Thousands of Englishmen and women made that pilgrimage, whether as “armed pilgrims” (i.e.
Although this too has been lost to us, contemporary accounts mention that the royal palace had extensive gardens.
The use of mosaic and tile floors would, furthermore, have been inherited from their predecessors (and most of the houses in Jerusalem were taken over in-tact after the Christians seized control), as was the use of slender columns, often dating from the Roman period.
A description of John d’Ibein’s palace in Beirut dating from 1212, for example, mentions mosaic floors so lifelike the observer was afraid of leaving his foot-print in the “sand” and polychrome marble walls as well as fountains and gardens.
I think we can assume the royal palace of the Jerusalem and also the Patriarch’s palace were both very luxurious indeed.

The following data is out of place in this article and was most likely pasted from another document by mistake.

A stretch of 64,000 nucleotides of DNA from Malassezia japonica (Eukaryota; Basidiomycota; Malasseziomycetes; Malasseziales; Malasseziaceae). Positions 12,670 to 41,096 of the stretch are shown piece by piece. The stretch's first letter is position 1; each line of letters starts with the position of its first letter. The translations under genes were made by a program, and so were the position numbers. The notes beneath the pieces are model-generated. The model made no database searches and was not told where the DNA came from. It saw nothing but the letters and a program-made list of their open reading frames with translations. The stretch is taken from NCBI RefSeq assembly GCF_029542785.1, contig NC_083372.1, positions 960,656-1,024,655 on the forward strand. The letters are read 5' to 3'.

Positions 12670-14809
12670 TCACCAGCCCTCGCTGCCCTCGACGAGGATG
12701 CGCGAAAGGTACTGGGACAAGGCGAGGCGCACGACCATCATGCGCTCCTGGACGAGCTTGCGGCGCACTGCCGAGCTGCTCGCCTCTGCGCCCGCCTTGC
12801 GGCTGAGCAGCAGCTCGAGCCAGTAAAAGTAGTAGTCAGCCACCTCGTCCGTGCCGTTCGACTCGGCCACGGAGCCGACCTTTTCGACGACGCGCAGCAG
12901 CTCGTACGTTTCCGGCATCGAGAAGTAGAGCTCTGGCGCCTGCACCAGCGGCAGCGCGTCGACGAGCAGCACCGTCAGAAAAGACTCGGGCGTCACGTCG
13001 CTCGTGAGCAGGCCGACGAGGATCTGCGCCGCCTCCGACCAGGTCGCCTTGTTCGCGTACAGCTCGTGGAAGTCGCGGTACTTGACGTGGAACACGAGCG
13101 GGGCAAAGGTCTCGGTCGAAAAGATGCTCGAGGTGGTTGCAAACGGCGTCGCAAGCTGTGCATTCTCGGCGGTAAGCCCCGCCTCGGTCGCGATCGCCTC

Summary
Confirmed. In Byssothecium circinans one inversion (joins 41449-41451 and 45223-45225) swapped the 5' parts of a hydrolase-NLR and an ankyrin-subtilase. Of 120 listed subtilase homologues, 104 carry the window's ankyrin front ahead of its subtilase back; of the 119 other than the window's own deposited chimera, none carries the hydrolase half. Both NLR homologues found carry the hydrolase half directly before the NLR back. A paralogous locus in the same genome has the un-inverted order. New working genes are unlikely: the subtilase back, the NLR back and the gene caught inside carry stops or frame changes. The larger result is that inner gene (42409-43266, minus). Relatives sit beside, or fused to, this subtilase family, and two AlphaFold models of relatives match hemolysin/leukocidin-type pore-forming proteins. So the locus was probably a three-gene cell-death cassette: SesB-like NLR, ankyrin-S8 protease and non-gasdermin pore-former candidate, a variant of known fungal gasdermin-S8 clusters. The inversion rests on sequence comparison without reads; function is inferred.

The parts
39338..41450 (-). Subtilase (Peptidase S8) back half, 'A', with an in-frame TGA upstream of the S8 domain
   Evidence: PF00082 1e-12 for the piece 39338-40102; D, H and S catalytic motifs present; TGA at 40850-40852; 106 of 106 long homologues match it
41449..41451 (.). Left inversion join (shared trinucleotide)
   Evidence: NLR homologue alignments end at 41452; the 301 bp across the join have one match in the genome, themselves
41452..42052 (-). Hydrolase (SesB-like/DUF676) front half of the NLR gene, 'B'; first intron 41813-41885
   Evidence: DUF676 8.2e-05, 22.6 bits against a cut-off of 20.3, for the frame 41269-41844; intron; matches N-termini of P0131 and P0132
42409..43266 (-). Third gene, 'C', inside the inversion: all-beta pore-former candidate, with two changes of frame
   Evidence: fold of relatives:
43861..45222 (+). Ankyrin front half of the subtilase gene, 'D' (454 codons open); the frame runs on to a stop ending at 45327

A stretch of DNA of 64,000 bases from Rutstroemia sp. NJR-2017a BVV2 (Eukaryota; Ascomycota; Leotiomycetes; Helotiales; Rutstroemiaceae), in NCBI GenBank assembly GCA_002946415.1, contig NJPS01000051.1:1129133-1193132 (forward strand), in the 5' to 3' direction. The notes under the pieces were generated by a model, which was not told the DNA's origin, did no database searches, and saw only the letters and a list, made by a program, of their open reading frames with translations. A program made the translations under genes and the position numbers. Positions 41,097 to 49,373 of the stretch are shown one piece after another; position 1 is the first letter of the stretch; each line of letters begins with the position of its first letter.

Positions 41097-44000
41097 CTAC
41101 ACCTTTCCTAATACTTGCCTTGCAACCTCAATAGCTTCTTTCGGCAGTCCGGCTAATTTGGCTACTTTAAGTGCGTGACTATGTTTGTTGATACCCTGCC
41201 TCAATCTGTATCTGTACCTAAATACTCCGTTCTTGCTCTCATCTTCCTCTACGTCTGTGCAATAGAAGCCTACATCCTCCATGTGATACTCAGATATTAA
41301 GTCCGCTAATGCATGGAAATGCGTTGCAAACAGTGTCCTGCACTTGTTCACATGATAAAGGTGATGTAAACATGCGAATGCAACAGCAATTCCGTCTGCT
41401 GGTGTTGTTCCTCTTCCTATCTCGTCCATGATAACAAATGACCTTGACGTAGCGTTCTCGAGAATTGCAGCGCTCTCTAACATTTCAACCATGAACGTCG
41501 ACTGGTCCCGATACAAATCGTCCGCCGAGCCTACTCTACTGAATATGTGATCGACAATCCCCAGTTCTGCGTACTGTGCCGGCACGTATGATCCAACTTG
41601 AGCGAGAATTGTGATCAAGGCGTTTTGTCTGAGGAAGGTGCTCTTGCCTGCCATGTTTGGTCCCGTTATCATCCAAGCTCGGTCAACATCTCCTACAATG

Besides these two main palaces, Jerusalem housed the headquarters of the Knights Templar on the Temple Mount and the headquarters of the Knight’s Hospitaller, a huge establishment that took up a large city block and enclosed four churches, wards for over two thousand patients, a hospice for pilgrims, administrative buildings, barracks, kitchens etc.
Search for beirutdating com:
Arab sources stress that even when they re-took Jerusalem in 1187 (after a siege that did entail the use of stone throwers and mining), they still found many beautiful residences with “superb columns of marble and slabs of marble and mosaics in large quantities.” (Ibn al-Athir) Much of this ornamentation would have pre-dated the Christian period, but not all of it.